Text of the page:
“Usage of solar water heaters is win-win for all the stakeholders involved”

With a market size of nearly Rs. 500 Crores and growing at a clip of approximately 10 % p.a., the solar water heater pot is boiling even as it is being watched. It is hard to ignore the environment spillover of a product category like this but at the same time there are many wet-wood areas like lifespan TCO, usability, application-width, control over manufacturing costs, and efficiency conversion rates. The market, at the same time is effervescing excitedly around breakthroughs like nano-materials (lead-selenium instead of silicon), better storage mechanisms, nano-rods etc. This brings us to question the viability and the progress of this category, specially for Indian terrains.

Talking of India, amidst players like Bajaj electricals Limited, Honeywell  etc there are companies like Racold Thermo Limited that claim of being the country’s largest and fully integrated water heater manufacturing plant, with the latest to offer in technology and international standards, specially adapted to suit Indian conditions.

Pratima H checks the temperature of this category with Nitin Sangle, Business Head – Renewable Energy Business at Racold Thermo Ltd who helps us understand this niche (if we can call it that) and its subtle corners better with special knobs turned on unorganized market pieces, role of subsidies, affordability, economics, lessons to be picked from China and other market drivers.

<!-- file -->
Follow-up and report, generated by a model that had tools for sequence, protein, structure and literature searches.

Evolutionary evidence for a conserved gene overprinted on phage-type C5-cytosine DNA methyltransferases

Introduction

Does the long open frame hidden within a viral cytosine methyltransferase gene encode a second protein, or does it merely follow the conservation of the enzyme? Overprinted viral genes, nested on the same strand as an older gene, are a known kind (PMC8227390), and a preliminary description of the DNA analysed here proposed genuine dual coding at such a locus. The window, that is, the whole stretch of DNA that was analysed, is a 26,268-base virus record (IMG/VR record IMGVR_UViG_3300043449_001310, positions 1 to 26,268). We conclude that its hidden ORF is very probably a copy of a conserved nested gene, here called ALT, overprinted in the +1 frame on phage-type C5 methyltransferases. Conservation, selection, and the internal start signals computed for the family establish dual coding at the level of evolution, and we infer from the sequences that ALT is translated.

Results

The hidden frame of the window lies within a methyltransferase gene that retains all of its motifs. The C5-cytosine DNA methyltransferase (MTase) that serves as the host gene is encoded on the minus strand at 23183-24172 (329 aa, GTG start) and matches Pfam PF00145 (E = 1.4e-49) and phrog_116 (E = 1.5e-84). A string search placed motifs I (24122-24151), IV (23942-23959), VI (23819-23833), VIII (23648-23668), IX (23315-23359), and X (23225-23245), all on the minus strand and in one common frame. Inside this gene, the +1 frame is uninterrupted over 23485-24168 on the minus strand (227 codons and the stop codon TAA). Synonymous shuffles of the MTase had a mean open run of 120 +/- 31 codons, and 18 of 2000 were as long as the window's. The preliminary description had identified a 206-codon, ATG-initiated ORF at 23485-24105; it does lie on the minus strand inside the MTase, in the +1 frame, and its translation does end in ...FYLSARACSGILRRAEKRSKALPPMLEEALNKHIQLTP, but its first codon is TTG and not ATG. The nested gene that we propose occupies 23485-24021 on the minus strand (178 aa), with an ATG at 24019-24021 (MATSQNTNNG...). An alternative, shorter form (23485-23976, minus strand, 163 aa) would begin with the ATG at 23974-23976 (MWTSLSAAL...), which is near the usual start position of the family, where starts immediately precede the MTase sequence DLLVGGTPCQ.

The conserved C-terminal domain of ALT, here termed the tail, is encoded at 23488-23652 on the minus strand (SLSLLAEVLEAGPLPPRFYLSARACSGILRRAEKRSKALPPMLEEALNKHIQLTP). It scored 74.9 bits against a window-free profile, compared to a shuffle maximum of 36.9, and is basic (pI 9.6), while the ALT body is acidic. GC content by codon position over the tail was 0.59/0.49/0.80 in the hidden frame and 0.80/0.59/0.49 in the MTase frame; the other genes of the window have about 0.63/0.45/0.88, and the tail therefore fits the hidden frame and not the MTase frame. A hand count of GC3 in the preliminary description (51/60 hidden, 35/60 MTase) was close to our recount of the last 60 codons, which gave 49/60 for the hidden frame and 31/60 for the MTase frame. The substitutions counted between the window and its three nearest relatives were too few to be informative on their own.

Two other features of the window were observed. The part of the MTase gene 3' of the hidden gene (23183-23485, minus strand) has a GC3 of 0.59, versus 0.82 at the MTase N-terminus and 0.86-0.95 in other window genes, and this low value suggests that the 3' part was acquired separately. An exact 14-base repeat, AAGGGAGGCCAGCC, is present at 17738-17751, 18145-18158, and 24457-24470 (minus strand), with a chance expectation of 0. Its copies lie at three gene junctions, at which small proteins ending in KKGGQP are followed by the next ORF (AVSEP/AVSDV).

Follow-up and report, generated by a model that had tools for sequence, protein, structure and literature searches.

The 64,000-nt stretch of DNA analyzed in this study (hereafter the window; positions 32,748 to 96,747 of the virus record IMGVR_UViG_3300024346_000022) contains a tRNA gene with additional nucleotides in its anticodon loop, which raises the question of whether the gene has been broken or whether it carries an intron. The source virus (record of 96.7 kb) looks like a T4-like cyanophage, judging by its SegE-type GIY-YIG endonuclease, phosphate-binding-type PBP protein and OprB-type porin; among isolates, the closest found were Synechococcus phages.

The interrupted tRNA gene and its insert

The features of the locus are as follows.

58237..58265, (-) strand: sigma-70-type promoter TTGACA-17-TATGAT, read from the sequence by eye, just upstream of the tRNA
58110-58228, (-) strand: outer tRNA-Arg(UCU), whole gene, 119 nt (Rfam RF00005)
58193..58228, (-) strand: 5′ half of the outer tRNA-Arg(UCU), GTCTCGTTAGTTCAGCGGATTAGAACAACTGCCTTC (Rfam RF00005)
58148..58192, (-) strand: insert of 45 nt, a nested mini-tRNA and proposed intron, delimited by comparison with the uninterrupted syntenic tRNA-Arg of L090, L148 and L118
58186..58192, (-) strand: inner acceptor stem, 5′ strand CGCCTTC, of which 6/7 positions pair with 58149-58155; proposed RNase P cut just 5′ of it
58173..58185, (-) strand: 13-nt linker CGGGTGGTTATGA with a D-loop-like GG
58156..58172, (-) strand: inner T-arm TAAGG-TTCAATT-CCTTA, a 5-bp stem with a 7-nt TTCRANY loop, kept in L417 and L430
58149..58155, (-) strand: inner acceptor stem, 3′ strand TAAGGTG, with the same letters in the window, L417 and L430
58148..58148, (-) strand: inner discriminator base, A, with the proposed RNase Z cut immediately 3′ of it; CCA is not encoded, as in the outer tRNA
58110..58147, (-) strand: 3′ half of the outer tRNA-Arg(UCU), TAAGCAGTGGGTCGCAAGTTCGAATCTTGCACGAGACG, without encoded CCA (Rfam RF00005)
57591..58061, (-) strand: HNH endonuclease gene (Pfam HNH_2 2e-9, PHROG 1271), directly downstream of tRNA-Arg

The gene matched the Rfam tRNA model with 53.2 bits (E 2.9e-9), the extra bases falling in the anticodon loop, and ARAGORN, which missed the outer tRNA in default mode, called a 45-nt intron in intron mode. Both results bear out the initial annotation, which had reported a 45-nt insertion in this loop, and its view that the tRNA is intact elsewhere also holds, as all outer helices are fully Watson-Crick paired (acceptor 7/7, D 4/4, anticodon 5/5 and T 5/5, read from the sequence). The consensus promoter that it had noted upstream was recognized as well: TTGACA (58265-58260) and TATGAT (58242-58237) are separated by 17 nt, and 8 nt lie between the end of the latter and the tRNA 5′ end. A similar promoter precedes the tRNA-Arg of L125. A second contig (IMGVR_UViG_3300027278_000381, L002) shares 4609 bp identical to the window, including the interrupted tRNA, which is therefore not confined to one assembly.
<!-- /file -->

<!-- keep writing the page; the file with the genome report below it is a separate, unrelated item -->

What has been your observation when it comes to adoption of water heaters in India, specially with economic and pragmatic challenges around?

The SWH (Solar Water Heater) use in India on commercially visible scale started in 1980s but the market size was still very insignificant owing to the high prices and hence the higher payback time to recover the initial investments done to buy SWH. The lower acceptance or adoption of SWH by consumers was also because of the relatively new age technology which did not enjoy a very high consumer confidence. Hence, there were sporadic instances of SWH usage in India till late 1990s. During this period government offered various incentive programs for consumers in the form of soft loans in order to encourage them to opt for SWH.Mr. Nitin Sangle_Business Head (Renewable Energy Business)_Racold Thermo